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DOLLAR INDEX, USDX
The US Dollar Index (USDX) is an index (or measure) of the value of the United States dollar relative to a basket of foreign currencies, often referred to as a basket of US trade partners' currencies.
These currencies are the Euro (constituting 57.6% of the weighting), Japanese Yen (13.6%), British Pound (11.9%), Canadian Dollar (9.1%), Swedish Krona (4.2%) and Swiss Franc (3.6%).
The index started in 1973 with a base of 100.000, and values since then are relative to this base. For example, if the current reading says 99.800, this means that the dollar has fallen 0.2% since the start of the index (99.800 - 100.000).
In terms of strategy, the Dollar Index is widely used to hedge risk in the currency markets or to take a position in the US Dollar without having the risk exposure of a single currency pair.
ASSETS THAT INFLUENCE DOLLAR INDEX THE MOST
- Currencies: USD, EUR, JPY and CNY.
- Commodities: Oil, Gold and Natural Gas.
- Bonds: T-Bond (Treasury bond is a marketable, fixed-interest U.S. government debt security).
- Indices: S&P500 (American stock market index based on the market capitalizations of 500 large companies having common stock listed on the NYSE or NASDAQ) and DOW (or DJIA, Dow Jones Industrial Average, an index that shows how 30 large publicly owned companies based in the United States have traded during a standard trading session in the stock market).
ORGANIZATIONS, PEOPLE AND ECONOMIC DATA THAT INFLUENCE DOLLAR INDEX
The organizations and people that affect the most the moves of the DOLLAR INDEX are the following:
- Fed, the Federal Reserve of the United States whose president is Janet Yellen. The Fed controls the monetary policy, through active duties such as managing interest rates, setting the reserve requirement, and acting as a lender of last resort to the banking sector during times of bank insolvency or financial crisis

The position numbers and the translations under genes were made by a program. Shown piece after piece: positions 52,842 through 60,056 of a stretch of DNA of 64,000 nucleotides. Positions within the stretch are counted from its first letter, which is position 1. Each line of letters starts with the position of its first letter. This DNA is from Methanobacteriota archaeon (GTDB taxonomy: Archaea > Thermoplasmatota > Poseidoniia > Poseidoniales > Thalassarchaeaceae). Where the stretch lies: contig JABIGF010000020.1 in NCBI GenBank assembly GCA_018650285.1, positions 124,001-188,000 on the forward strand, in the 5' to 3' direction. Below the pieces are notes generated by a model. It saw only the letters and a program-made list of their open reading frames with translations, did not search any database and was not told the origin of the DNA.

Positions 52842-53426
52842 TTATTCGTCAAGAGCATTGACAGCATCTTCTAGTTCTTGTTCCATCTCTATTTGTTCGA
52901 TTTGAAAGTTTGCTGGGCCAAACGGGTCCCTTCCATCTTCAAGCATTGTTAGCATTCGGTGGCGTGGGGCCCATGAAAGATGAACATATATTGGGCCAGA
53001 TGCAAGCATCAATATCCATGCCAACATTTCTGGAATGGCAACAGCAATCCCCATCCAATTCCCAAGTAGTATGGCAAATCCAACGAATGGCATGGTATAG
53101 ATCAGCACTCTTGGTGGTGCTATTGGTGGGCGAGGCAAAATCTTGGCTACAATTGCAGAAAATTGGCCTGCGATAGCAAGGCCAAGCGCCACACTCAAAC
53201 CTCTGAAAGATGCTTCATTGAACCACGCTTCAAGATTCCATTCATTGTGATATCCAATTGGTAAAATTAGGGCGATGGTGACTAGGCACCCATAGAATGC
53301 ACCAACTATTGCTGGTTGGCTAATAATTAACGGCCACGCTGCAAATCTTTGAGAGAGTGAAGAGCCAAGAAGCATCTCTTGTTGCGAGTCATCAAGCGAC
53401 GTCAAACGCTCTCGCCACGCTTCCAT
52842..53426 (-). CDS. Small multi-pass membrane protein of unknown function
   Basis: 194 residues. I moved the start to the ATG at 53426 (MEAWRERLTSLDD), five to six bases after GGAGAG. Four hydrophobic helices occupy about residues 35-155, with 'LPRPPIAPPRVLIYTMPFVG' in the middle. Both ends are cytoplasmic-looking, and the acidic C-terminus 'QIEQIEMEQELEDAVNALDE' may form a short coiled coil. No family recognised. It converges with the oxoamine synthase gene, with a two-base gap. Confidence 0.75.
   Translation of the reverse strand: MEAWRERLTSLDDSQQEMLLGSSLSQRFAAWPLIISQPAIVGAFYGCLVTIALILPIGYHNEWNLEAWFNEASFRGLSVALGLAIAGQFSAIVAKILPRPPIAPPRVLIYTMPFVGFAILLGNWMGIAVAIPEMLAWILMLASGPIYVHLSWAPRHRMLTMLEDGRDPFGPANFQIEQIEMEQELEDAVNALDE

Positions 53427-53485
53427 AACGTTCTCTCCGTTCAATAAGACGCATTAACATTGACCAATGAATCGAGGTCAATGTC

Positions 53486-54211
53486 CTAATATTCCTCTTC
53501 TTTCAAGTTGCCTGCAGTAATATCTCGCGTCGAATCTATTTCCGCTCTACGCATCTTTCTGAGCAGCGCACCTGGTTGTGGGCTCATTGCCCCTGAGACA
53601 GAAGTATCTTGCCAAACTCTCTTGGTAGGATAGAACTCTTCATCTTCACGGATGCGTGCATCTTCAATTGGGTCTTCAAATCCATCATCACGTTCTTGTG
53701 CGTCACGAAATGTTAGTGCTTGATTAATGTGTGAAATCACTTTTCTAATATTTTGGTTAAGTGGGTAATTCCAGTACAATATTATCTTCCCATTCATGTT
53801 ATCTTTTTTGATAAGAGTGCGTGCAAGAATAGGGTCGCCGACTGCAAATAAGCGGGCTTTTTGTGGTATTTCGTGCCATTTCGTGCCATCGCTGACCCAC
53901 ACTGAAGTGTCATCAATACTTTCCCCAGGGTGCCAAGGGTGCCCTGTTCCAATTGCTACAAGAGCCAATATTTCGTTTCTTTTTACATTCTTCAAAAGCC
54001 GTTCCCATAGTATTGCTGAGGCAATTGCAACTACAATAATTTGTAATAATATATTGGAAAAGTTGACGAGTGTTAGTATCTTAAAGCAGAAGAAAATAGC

- The US Government (and its President Donald Trump): events as administration statements, budget, new laws and regulations or fiscal policy can increase or decrease the value of the Dollar Index.
- The US Treasury Dept that defines its role as “the steward of U.S. economic and financial systems, and as an influential participant in the world economy.” Its President is Steven Mnuchin.
- US GDP (Gross Domestic Product), the total market value of all final goods and services produced in the United States of America. It is a gross measure of market activity because it indicates the pace at which a country's economy is growing or decreasing. Generally speaking, a high reading or a better than expected number is seen as positive for the Dollar Index, while a low reading is negative.
HISTORIC HIGHS AND LOWS FOR DOLLAR INDEX
- All-time records: Max: 211799.99 on 01/03/2017 - Min: 28.00 on 08/08/1896
- Last 12 months (March 2016-March 2017): Max: 21799.99 on 01/03/2017 - Min: 15450.06 on 20/01/2016
- Last 5 years (March 2011-March 2016): Max: 21799.99 on 01/03/2017 - Min: 12035.01 on 05/06/2012